Naked News: The HPV Edition
We’ve been writing about sex and sexual health for more than a decade, and HPV still makes our heads swim. It’s such a complicated subject — complicated further by the emotional and political climate surrounding the vaccine — and guidelines on HPV seem to be constantly changing. It’s been in the news a lot lately, so we thought we’d review some of the latest headlines.If you want to brush up on the facts, check out the CDC’s HPV page here. And you can review everything we’ve published on HPV here.
- A new study published in the British Medical Journal shows that the HPV vaccine — which previously had been thought to have a purely preventative effect — reduces the risk of a new HPV-associated illness in patients who have already been treated for a disease that resulted from HPV infection.
- A Nobel Laureate makes a case for vaccinating young males against HPV to help prevent cervical cancer in women.
- New cervical cancer screening guidelines include fewer pap smears for women over 21; HPV tests combined with fewer pap smears for women over 30; and no screening at all for young women under 21. (This is because young women’s bodies are more likely to clear HPV with no intervention, and the screening process can affect future fertility.)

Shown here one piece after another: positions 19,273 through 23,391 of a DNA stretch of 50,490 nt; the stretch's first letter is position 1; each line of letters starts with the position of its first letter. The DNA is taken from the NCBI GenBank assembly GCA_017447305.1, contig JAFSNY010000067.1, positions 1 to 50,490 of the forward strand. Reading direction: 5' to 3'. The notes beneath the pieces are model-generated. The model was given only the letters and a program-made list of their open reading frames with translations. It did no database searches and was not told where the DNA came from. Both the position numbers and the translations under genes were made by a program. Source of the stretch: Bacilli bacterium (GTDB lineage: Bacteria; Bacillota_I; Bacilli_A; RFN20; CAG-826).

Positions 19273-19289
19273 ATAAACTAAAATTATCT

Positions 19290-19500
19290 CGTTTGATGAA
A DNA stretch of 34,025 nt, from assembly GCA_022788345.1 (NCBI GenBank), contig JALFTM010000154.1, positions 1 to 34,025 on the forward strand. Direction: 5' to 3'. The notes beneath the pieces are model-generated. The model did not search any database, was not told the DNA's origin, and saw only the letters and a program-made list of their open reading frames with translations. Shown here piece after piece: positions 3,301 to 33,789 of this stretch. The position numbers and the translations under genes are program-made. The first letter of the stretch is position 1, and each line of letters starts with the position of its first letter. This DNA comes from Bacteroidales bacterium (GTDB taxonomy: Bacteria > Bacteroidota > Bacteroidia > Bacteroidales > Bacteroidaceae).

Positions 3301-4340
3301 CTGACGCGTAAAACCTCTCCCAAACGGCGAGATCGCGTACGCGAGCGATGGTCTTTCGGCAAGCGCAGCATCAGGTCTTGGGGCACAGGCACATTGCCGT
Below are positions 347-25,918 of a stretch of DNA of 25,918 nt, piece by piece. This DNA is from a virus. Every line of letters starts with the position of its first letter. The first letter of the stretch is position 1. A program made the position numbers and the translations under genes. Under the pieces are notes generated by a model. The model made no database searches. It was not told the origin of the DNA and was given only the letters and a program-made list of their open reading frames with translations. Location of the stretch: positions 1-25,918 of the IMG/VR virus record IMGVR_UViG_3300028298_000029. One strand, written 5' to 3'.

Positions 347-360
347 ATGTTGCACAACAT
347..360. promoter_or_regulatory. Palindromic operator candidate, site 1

- Research shows that while anal HPV infection and precancerous lesions are common among gay and bisexual men, most of these cases will not progress to anal cancer. (And the progression from lesions to cancer seems to be even slower than the already slow progression rate of cervical cancer.) A less cheery way of looking at this story is that men who have sex with men are at an increased risk of anal HPV and anal cancer.
- As if all that cervical and anal cancer wasn’t enough, some types of HPV may increase your risk of skin cancer, too.
- Is oral sex really responsible for a rise in head and neck cancer rates? And if so, can the HPV vaccine help? The jury is still out on both counts.
- HPV is linked to arthritis in Mexican women.
- Study shows disparity in HPV vaccine for girls: it’s not recommended nearly as frequently for young African-American women.
- Dormant HPV infections can cause disease even without activating, it turns out.
- The vaccine has been approved for — and recommended for — both boys and girls, and is most effective when given before sexual activity begins. (Speaking of: one MD would like to remind you that the HPV vaccine is about cancer, not sex.)